Every historic building tells a story. With adaptive reuse, you add another chapter to its story by turning the building into an asset for the community. Or at the very least, repurpose the building for another use rather than have it be a liability and an eyesore. According to the American Institute of Architects (AIA), adaptive reuse is the “redesign and alteration of a building to support a new function it was not originally intended to serve.” Examples of adaptive reuse include turning an old factory into housing or a historic house into a restaurant. In this article, our NJ architects will take a closer look at the value of the adaptive reuse concept.
Preserving Heritage through Adaptive Reuse
There are benefits to preserving our heritage through the adaptive reuse of historic buildings. Adaptive reuse is different to historic preservation. You don’t return the building to its original condition and purpose, but adapt it to embrace a new purpose, while preserving its unique character and historical features. It is a sustainable practice that allows us to reduce our carbon footprint, while protecting a community’s rich cultural heritage.
Do you want to preserve a historic building you own? Perhaps by altering the building into housing that could really benefit the local area? Innovate within the framework of the existing structure by using an experienced architect who works with you to merge your vision with the building’s footprint.
Balancing Innovation with Preservation in Adaptive Reuse
Why should you stay within the footprint of the building? A historic building, even if it requires significant retrofitting, will have restrictions placed on it by government agencies or preservation organizations aiming to preserve its architectural integrity. It might also be of sentimental value to the local community.
Adaptive reuse architecture allows you to honor the original design intent while making the modifications you need to allow a new purpose. A historic building can have a modern interior if you use innovative design, careful engineering studies, and materials that don’t put the original structure at risk. The right architect will be able to balance functionality, innovation, and preservation.
Navigating Challenges in Adaptive Reuse
We already mentioned some legal and community challenges you might experience when converting a historic building for new use. These are other factors to consider when choosing adaptive reuse for historic buildings:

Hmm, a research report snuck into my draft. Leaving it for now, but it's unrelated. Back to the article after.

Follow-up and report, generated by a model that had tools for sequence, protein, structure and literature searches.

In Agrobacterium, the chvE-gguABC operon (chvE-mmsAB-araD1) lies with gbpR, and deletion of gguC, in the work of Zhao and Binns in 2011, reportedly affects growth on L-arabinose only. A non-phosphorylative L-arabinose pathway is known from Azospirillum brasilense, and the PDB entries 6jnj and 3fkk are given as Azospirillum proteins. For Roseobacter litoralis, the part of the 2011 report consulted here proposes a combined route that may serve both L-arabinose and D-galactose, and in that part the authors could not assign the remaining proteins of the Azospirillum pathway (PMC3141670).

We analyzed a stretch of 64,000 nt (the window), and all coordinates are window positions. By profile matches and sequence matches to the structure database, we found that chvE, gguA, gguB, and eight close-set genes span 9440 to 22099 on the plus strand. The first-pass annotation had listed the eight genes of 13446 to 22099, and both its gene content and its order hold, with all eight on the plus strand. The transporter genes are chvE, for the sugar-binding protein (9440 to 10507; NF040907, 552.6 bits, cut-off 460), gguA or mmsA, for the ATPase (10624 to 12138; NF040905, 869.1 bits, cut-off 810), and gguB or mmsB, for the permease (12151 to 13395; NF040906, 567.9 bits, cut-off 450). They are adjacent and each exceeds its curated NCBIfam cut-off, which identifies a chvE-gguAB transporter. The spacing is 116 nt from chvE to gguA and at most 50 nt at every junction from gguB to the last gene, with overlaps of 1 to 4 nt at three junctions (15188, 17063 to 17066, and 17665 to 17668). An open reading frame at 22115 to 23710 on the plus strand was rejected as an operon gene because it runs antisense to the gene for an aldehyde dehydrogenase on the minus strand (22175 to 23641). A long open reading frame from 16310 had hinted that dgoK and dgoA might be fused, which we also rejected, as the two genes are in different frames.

Building envelope. The envelope includes foundations, exterior walls, windows, doors and the roof. A forensic assessment will determine the best way to preserve these components.
Historic building materials. Older buildings generally contain hazardous materials such as asbestos, mold, lead-based paint and radon – which need to be remediated to code.
Modern building codes. Speaking of, one of the biggest challenges to successful adaptive reuse is modern building codes. Changes you make to adhere to these codes must not detract from the building’s historic feel. An experienced architect can delicately balance the need for preservation and adhering to the required building regulations and codes.
Modern technology needs. The building’s electrical, mechanical, and HVAC (heating, ventilation, air conditioning) systems may need to be updated. An architect can guide you on the latest technologies, smart sensors, and IoT (Internet of Things) solutions that will make your building more energy-efficient and sustainable.
Prospects and Trends in Adaptive Reuse
What do you do with an underutilized federal building? You turn it into a mixed-use residential property like The Foundry in Alexandria, Virginia. Another example of adaptive reuse is the 1923 Terminal Refrigerating and Warehousing Building in Washington, DC, turned into the Museum of the Bible. Then, there is the old feed mill and sugar beet factory that became the Garver Feed Mill in Madison, Wisconsin – which provides a platform for local food businesses and offers indoor and outdoor event spaces.
Do you have a vision for a historic building and feel adaptive reuse will bring it to life? Please contact our team at Seth A. Leeb Architect today or visit our website at: https://leeb-architecture.com/